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Colorado’s state food?

November 25, 2010

A common reference question, assigned by overly-zealous elementary school teachers in states outside of Colorado, is “What’s Colorado’s State Food?”

When a student asked that question, I was tempted to respond “Enstrom’s Toffee.” We have regional specialties in Colorado, such as Olathe sweet corn or Rocky Ford canteloupe, but those are crops, not dishes.   My ancestors hunted elk and deer, gathered chokecherries to make jelly, fished for trout, and raised bees for honey, but those don’t make up a distinctive cuisine, like cajun.

Indications are that the Denver Omelet wasn’t invented in Denver, and I know two Colorado natives (my dad and his best friend) who didn’t try Rocky Mountain Oysters until they were in their 50s.

I took an anthropology class as an undergrad where we learned about Norwegian-American ethnicity (that was the subject of the professor’s dissertation).  We learned about the Norwegian-American predilection for lawn gnomes and for eating lutefisk.   I wondered what ethnic foods my own family ate, but aside from sauerkraut and carrot  salad (both of indeterminate origin in our history), I couldn’t think of any.  Most of my ancestors arrived in North America hundreds and thousands of years ago, so the lack of ethnic foods makes sense.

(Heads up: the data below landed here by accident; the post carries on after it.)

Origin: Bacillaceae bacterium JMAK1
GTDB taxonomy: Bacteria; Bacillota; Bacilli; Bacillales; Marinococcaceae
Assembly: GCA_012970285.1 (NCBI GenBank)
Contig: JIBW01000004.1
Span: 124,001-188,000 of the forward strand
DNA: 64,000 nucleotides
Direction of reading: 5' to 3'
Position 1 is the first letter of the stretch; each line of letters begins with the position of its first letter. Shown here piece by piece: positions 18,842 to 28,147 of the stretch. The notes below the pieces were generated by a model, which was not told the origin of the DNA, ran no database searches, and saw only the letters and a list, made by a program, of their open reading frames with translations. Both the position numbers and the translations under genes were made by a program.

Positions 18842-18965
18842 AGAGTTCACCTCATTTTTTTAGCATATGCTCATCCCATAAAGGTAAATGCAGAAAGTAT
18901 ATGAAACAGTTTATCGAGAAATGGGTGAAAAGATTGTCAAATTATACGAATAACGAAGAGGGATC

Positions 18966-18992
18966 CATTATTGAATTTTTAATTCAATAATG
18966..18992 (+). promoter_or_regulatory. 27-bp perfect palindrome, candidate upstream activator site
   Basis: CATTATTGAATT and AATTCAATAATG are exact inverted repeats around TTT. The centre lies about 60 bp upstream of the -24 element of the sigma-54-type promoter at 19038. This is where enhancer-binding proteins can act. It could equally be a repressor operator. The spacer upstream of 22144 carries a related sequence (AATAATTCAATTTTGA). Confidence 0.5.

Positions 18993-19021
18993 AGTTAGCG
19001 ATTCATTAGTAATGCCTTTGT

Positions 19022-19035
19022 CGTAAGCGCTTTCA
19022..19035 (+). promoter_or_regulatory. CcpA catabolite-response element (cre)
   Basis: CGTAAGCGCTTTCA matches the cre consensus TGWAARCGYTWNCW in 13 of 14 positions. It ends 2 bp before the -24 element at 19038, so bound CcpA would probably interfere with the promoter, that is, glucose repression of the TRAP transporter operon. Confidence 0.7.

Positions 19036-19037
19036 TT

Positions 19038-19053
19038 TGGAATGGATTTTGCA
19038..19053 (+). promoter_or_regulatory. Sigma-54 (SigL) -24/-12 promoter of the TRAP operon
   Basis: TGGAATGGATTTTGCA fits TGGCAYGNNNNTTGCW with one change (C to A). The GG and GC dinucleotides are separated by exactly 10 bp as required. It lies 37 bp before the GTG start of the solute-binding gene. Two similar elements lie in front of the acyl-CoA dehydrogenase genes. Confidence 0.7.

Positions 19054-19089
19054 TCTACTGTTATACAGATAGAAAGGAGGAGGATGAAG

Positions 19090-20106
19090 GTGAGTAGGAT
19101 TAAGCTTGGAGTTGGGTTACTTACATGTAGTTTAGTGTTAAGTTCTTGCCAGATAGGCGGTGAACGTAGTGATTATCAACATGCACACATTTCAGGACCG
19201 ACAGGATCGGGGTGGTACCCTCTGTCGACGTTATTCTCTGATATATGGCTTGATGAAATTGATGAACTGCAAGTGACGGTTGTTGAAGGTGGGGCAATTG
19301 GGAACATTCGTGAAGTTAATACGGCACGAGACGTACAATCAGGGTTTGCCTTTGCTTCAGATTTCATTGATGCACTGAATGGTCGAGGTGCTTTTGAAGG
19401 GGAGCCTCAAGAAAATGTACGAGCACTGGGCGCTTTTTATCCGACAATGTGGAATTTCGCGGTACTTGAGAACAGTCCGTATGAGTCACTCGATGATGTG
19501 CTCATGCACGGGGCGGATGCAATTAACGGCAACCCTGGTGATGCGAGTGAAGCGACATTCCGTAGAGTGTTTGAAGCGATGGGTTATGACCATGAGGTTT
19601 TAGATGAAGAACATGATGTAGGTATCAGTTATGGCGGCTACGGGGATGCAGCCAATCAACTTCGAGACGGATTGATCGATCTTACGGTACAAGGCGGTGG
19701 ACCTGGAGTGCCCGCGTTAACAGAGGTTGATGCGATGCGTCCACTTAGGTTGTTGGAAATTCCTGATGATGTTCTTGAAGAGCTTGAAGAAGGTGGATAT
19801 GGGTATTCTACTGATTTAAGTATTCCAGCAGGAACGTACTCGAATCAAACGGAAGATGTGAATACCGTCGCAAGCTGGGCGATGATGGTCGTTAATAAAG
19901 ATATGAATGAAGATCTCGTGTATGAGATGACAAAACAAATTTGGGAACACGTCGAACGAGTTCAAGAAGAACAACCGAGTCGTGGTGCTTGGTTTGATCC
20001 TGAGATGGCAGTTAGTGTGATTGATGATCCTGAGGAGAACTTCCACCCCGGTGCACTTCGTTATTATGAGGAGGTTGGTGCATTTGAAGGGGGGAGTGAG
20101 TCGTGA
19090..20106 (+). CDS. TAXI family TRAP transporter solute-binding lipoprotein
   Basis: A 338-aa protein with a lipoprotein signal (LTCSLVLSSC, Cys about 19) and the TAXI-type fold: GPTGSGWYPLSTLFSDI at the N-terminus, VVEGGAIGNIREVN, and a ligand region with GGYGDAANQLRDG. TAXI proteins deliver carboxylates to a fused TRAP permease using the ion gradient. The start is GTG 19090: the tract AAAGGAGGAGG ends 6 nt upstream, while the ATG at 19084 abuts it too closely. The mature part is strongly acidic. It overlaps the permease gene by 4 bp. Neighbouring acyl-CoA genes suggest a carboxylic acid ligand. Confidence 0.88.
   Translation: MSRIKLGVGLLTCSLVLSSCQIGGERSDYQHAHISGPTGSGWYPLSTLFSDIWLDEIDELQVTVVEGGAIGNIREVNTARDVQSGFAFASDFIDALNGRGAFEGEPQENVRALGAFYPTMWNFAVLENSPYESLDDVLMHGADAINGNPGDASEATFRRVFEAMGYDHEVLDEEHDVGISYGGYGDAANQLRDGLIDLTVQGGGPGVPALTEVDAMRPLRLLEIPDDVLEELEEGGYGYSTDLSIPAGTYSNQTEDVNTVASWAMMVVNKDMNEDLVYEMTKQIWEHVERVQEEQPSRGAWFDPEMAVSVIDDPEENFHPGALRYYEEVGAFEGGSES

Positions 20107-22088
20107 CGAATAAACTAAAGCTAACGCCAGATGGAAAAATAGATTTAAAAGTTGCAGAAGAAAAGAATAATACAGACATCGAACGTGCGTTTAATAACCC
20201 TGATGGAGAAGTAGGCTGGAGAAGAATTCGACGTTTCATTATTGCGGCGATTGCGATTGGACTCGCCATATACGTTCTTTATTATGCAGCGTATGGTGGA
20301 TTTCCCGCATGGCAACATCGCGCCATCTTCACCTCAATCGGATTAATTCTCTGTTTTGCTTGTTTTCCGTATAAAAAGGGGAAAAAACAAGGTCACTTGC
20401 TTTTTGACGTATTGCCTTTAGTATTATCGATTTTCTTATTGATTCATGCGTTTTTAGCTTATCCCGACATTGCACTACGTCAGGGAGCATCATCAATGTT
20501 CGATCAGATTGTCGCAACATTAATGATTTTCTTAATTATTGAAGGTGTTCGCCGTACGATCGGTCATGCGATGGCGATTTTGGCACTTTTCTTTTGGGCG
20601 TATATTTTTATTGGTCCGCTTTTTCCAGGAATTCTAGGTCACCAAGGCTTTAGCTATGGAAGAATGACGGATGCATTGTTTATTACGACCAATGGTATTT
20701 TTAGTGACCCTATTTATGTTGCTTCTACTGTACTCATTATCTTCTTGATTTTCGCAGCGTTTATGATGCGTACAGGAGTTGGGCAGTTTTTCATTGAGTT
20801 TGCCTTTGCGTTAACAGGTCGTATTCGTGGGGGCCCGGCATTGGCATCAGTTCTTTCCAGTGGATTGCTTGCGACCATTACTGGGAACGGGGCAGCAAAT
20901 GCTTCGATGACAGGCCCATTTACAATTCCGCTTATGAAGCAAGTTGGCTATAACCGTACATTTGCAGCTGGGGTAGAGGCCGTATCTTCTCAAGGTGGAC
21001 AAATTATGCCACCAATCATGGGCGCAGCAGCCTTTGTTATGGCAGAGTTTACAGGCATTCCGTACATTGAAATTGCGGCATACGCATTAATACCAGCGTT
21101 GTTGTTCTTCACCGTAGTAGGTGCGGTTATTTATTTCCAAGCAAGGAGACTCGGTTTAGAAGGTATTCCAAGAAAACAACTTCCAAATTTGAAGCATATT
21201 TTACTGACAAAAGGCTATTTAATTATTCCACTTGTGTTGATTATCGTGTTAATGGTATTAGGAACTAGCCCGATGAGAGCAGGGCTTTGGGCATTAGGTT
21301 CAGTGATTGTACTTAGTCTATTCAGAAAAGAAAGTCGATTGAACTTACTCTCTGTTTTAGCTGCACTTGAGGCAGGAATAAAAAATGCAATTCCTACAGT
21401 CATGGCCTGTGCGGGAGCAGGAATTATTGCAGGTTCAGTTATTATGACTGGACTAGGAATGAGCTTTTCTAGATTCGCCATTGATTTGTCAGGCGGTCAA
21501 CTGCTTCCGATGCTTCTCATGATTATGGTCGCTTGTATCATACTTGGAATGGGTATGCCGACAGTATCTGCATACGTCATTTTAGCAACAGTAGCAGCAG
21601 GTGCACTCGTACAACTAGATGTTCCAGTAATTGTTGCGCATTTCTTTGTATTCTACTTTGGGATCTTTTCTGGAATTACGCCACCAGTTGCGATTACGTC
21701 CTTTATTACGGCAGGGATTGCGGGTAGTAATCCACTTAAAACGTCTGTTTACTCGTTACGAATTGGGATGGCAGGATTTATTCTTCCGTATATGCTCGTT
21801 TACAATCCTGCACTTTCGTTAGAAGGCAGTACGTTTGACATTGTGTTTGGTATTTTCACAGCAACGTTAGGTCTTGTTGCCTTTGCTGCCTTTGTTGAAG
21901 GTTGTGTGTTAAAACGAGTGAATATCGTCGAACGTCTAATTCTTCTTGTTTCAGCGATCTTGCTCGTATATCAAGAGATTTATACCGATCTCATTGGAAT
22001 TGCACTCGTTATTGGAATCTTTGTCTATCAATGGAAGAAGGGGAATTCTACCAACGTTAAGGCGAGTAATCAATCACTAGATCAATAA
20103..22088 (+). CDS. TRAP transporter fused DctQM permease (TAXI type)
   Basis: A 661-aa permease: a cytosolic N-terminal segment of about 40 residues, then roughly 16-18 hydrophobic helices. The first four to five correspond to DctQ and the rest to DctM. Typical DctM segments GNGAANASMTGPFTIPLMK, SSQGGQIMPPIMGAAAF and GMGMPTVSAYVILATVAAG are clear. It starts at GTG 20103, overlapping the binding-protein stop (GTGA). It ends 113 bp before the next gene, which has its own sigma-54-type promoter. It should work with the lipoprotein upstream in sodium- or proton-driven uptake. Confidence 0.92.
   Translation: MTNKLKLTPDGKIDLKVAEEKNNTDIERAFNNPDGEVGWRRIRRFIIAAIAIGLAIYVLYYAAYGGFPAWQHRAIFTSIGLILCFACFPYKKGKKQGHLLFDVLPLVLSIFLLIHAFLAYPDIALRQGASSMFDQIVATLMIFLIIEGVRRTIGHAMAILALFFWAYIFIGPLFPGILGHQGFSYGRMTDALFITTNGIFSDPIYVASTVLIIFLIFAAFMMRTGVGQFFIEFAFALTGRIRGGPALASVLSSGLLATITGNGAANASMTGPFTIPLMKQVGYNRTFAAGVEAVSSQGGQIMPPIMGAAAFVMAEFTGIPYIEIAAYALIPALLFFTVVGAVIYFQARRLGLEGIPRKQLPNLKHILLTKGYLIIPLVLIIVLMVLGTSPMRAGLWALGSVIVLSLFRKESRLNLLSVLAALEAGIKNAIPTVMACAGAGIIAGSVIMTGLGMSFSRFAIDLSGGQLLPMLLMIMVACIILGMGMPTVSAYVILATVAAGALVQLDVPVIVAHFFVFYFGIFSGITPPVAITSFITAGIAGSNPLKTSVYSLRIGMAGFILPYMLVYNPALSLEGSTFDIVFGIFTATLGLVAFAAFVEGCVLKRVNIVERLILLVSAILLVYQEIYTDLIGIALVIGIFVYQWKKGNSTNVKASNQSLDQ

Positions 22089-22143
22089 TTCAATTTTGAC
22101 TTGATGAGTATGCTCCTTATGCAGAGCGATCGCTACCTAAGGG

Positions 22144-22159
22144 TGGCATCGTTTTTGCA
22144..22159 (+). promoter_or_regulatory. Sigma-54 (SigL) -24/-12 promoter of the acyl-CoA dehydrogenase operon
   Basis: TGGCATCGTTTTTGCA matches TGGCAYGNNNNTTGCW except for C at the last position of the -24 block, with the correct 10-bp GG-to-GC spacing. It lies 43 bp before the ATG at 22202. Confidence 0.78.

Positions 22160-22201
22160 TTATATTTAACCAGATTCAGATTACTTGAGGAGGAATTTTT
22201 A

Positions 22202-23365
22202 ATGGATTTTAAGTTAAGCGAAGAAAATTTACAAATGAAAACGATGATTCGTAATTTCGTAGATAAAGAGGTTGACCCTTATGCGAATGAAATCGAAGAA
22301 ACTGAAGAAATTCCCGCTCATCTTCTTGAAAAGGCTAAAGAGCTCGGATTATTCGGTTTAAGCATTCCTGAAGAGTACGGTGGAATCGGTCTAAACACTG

So, kids, tell your teachers that this particular question is impossible to answer.  What do we eat in Colorado?  It depends upon the family.  It depends upon the season.

My great-grandmother owned this cookbook, probably acquired in Colorado:

Woman's Favorite Cook Book

It’s missing the title page, but it appears to be available in Google Books. It was written by Annie Gregory and published in 1902.   My copy is stained, stuffed with hand-written recipes, and falling apart.  The recipes call for incomprehensible ingedients and there’s a section of cures, including several for freckles:  “Freckle Lotion.  Four grains of corrosive sublimate, twenty-four drops of muriatic acid, three-quarters of an ounce of lump sugar, two ounces of alcohol, enough rose water to make one-half pint; mix until dissolved and apply night and morning.”

Here is the Thanksgiving menu from that book, a menu which I am certain my great-grandmother didn’t follow.  Oysters on the half shell in Colorado?  Not likely.

Click on the image to see a larger version.

Three resources for more information about Colorado’s crops and food:

The Colorado State Agriculture Department has a cute crop map on its website:

The Ag Department features recipes here:

Food Timeline has a useful discussion of state and regional cuisine:

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